fundamentally untenable. Regardless of how well we think we have mastered our excess, this mastery is only ever a fiction. Second, while it might be correct to call such desires inhuman (or outside the human), it would be incorrect to label them animal-this is not a discrete state of nature, but rather an outside retroactively constituted by our will to order our existence. Third, drawing on the surrounding passages, this irruption of inhuman desire into human reason is mirrored in a concomitant division of time into labor time and the time of excess. Work produces a relaxation of tension thanks to which men (sic) cease to respond to the immediate urge impelled by the violence of desire (41)work allows us to time bind and produce knowledge. It also entails deferred gratification. While our impulses confer an immediate satisfaction upon those who yield to them, work promises to those who overcome them a reward later whose value cannot be disputed except from the point of view of the present moment (41). Work, for Bataille, is collective time: it is the concern of men acting collectively and during the time reserved for work, the collective has to oppose the contagious impulses in which nothing is left but the immediate surrender to excess, to violence (41). Though not strictly individual (its impulses are contagious), the time of eros is inescapably the time of inner experience (29). Even as it calls [individual] being into question, it is only ever experienced, according to Bataille, as a subjective opening onto an outside and is never productive of a discrete object which one can point to as the product of collective action. Moreover, while the violation of subjectivity characteristic of erotic experience requires an other of some sort, that other can just as easily be a statue of a god or ones own mindit need not be collective. The dividing line between these violent impulses and the time of reason, labor, and social convention may be termed taboo from outside the perspective of social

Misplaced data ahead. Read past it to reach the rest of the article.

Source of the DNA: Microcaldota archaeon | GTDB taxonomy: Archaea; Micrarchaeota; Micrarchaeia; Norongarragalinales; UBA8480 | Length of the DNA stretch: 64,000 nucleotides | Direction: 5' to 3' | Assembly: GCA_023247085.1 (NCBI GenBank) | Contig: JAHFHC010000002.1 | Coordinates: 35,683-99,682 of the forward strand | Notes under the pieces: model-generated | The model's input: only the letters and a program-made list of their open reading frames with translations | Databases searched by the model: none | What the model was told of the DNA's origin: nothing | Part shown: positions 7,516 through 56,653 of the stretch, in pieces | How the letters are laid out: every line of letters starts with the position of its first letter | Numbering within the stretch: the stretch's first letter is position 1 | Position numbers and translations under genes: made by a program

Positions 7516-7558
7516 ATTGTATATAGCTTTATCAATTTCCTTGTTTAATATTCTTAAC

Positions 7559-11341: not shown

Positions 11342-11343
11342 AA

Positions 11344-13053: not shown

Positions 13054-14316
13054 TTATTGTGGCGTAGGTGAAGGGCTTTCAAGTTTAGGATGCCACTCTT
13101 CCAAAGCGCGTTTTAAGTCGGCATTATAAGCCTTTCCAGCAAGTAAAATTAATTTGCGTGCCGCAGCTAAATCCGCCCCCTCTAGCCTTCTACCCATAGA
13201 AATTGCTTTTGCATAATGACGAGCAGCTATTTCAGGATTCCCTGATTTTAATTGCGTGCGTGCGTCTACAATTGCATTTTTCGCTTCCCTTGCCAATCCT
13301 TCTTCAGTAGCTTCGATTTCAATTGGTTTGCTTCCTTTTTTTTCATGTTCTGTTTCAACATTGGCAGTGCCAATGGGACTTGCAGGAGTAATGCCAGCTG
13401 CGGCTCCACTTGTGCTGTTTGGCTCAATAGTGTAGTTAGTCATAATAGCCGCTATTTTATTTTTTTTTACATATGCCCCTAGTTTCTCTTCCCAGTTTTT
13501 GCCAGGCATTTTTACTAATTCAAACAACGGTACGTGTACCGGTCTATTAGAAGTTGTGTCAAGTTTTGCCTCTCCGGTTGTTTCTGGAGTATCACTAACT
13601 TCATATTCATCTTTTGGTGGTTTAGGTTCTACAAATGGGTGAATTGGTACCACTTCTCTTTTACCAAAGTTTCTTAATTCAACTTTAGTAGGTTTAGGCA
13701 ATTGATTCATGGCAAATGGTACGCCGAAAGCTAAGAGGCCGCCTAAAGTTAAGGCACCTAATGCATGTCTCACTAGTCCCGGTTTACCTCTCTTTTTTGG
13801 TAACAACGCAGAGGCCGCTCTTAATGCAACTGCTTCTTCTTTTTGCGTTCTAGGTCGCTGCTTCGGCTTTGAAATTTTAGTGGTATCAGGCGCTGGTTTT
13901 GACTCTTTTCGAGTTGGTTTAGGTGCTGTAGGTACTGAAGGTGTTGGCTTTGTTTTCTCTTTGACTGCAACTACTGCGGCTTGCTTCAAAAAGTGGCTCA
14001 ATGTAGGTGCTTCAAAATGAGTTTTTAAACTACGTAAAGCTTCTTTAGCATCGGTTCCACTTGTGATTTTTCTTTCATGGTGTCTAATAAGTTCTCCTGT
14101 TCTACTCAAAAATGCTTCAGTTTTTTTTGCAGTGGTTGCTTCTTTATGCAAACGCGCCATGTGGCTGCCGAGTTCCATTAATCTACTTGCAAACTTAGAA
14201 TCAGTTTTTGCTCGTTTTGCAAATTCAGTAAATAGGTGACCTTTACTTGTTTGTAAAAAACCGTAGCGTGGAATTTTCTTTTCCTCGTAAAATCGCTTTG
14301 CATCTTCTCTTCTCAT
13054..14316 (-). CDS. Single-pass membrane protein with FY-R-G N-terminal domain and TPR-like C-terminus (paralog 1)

space-time and transgression from within it. The act of transgressing a taboo is a sacrifice. The above dynamic-inhuman desires versus work time-is enforced through a series of taboos, of which the most fundamental govern death (42) and reproduction (55). These are two sides of the same prohibition. Life is always a product of the decomposition of life. Life first pays its tribute to death, which then disappears, then to corruption following on death and bringing back into the cycle of change the matter necessary for the ceaseless arrival of new beings into the world (55). Eroticism, given the above definition as interruption of continuity into discontinuity, translates the unity at the heart of both taboos into the ambivalence at the heart of erotic experience. The simultaneous revulsion and ecstasy we feel at being pushed out of ourselves speaks to its ambivalence; we are trespassing on the ground of both decay and corruption and the creation of new life. As the dichotomy between desire and order would indicate, prohibitions on the desire to commit these prohibited acts are inevitably transgressed. This can occur in two ways, the first of which is inherent to the foundation of the law itself: if some violent negative emotion did not make violence horrible for everyone, reason alone could not define those shifting limits authoritatively enough. (63) Alternatively, often in socially prescribed situations, transgression is permitted. Within Batailles system this permission functions as a kind of inoculation, either as a proscriptive example, violence which enforces the law along the lines above (war, capital punishment, royal incest), or as a selective relaxation of social control, as in carnival situations, funeral rites and festivities (66) which function to absorb and bound the excess, or sacrificial acts on sacred days or to commemorate a material excess within a society (the most extreme example of this in Bataille is his discussion of Aztec human sacrifice in Bataille 1988, 45 ff.) These controlled excesses let off collective steam, working to